Suppose that you want to know how much testing has been done. How would you measure that?
One approach is to compute "code coverage." The most common definition of coverage involves the percentage of statements tested, or the percentage of statements plus branches tested. Supposedly, a higher percentage means more testing. Some people (vendors included) go further and foolishly say that 100 percent coverage means complete, or sufficient, testing.
There are several other types of coverage beyond statement and branch coverage (some examples are described in my 1995 article, listed in the complete references at the end of this feature). Each of these involves measuring the percentage of a certain type of test that you have run, or a certain level of thoroughness of checking for a specific type of error. We are never using the population of all possible tests of a product as our baseline when we compute code coverage-if we were, coverage would always be 0.00 percent, a rather boring number. But because we are not accounting for all possible tests, we can have a 100 percent covered product that still has undiscovered defects.
In sum, our measures of the extent of testing-like so many measures that we take in software-are numeric. This might make them look more "scientific," but they are fundamentally judgment-driven. A theory of testing and of testing adequacy is embedded (often hidden) in such measures.
Example: Code Complexity
McCabe's complexity metric is often enough criticized as incomplete (see, for example, Fenton and Pfleeger in Software Metrics). But let's apply our model to this metric.
In his 1993 book, Making Software Measurement Work: Building an Effective Measurement Model, Bill Hetzel pointed out that
"Practitioner attitudes [toward measurement] tend to range from barely neutral to outright antagonistic. It is rare to find the practitioner who really thinks of measurement as a useful and indispensable tool for good software work. Most feel that they get back very little from the measurement activity. . . The psychological dislike and distrust our practitioners have about measurement is a significant challenge facing us. From my perspective, we've been pretty unsuccessful in serving working engineers and practitioners."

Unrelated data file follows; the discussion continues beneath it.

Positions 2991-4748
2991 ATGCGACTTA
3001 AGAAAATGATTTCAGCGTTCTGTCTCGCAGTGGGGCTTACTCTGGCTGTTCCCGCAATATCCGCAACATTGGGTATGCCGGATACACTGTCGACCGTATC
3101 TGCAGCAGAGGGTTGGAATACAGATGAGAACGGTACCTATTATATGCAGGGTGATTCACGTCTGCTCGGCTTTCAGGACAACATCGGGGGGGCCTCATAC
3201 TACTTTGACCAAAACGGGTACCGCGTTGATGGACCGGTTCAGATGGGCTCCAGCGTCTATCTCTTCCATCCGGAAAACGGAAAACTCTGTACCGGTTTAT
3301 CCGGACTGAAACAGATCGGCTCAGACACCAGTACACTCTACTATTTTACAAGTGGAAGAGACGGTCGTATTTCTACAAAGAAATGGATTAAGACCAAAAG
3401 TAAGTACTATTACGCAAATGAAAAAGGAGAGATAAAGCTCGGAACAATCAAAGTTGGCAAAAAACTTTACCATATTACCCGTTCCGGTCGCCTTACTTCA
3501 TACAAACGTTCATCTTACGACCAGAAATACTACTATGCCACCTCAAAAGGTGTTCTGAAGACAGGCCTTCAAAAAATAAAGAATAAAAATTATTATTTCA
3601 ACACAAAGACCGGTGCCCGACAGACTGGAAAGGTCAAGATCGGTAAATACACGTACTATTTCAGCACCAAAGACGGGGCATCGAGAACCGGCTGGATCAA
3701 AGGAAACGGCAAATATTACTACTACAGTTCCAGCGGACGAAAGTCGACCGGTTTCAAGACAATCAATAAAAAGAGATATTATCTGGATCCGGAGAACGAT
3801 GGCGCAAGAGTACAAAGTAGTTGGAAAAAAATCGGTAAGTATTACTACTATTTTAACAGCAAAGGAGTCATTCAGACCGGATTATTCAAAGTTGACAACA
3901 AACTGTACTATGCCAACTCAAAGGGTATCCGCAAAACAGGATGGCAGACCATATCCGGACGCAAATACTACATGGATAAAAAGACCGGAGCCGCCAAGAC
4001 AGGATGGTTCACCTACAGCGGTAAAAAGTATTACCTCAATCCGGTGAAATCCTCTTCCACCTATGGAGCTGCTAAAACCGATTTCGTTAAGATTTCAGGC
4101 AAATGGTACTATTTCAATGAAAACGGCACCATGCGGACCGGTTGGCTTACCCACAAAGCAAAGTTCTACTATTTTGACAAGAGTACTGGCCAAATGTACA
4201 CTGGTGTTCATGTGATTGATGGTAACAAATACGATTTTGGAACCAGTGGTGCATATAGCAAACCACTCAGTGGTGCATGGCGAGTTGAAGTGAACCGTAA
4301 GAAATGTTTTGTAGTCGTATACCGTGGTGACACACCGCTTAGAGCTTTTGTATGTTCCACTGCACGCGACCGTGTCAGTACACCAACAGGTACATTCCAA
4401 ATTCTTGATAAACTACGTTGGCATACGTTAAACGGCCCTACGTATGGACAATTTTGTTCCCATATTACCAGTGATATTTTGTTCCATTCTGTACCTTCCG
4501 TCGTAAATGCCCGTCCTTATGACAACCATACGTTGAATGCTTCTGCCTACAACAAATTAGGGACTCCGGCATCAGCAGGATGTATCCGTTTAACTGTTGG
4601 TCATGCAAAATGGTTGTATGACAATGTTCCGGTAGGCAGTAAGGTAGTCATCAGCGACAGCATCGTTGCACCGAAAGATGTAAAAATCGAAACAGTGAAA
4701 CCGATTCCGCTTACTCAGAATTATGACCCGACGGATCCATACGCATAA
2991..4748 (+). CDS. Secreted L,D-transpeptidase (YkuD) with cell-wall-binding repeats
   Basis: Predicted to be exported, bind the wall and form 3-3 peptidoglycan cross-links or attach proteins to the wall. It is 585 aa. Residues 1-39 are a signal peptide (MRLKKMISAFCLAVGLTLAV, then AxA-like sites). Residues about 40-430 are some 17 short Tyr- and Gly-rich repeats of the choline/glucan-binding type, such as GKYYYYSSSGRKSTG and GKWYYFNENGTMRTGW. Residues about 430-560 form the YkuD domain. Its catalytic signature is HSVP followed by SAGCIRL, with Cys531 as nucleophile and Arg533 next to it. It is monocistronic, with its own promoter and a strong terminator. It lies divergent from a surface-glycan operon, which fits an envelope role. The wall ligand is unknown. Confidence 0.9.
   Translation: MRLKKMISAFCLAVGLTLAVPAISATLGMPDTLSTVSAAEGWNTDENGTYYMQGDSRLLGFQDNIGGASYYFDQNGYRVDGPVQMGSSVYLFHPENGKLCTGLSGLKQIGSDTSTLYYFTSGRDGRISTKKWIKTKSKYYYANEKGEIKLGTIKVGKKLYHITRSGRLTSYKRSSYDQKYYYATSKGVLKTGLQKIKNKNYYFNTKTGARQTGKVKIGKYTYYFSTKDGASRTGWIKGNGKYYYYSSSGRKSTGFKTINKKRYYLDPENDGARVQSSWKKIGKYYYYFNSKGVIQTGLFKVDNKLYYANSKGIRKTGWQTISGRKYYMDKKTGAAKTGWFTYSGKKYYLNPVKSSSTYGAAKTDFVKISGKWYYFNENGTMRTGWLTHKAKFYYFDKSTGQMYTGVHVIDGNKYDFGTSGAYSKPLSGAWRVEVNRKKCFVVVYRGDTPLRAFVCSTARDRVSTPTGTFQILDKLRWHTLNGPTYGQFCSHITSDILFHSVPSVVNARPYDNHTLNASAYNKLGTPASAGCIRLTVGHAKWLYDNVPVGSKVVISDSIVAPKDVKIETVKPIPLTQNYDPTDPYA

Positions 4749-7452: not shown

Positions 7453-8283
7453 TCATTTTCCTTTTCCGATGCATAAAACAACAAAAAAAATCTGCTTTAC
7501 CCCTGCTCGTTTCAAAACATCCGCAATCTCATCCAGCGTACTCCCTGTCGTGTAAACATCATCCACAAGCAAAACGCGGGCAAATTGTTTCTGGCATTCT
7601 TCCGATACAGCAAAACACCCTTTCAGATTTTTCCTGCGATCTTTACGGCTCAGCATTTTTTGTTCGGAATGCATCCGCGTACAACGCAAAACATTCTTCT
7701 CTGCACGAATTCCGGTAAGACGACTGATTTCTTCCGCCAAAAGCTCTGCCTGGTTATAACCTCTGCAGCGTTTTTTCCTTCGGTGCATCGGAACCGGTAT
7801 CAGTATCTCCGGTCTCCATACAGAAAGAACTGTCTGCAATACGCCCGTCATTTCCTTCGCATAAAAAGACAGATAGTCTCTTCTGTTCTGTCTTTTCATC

Hetzel suggests an alternative, bottom-up approach to measurement that is worth looking into. He wants to use metrics to stimulate questions, to explore the engineering activity, rather than to use them to immediately focus on setting targets and goals to control engineering.
The approach that I'm suggesting isn't incompatible with Hetzel's. Or with Fenton and Pfleeger's, or many other common approaches to software metrics. But what I'm proposing here is more explicit about some issues that we too often approach too casually.
Measures are not made acceptable simply because they are easy to compute and seem relevant. They are not valuable merely because they have something to do with the latest goal-of-the-week. They work when they actually relate to something we care about, and when the risks associated with taking the measures (the probable side effects), in the context of the scope of use of those measures, are insignificant compared to the value of information we actually obtain from them. To understand that value, we must understand the underlying relationship between the measure and the attribute measured.
This material was first publicly presented at the Pacific Northwest Quality Conference in October, 1999. This model was reviewed and extended at the Eighth Los Altos Workshop on Software Testing in December, 1999. I thank the LAWST attendees, Chris Agrusõ, James Bach, Jaya Carl, Rocky Grober, Payson Hall, Elisabeth Hendrickson, Doug Hoffman, Bob Johnson, Mark Johnson, Brian Lawrence, Brian Marick, Hung Quoc Nguyen, Bret Pettichord, Melora Svoboda, and Scott Vernon, for their critical analyses.
Editors Note: Because this article introduces a new theory into the body of industry literature, we have included its complete list of references.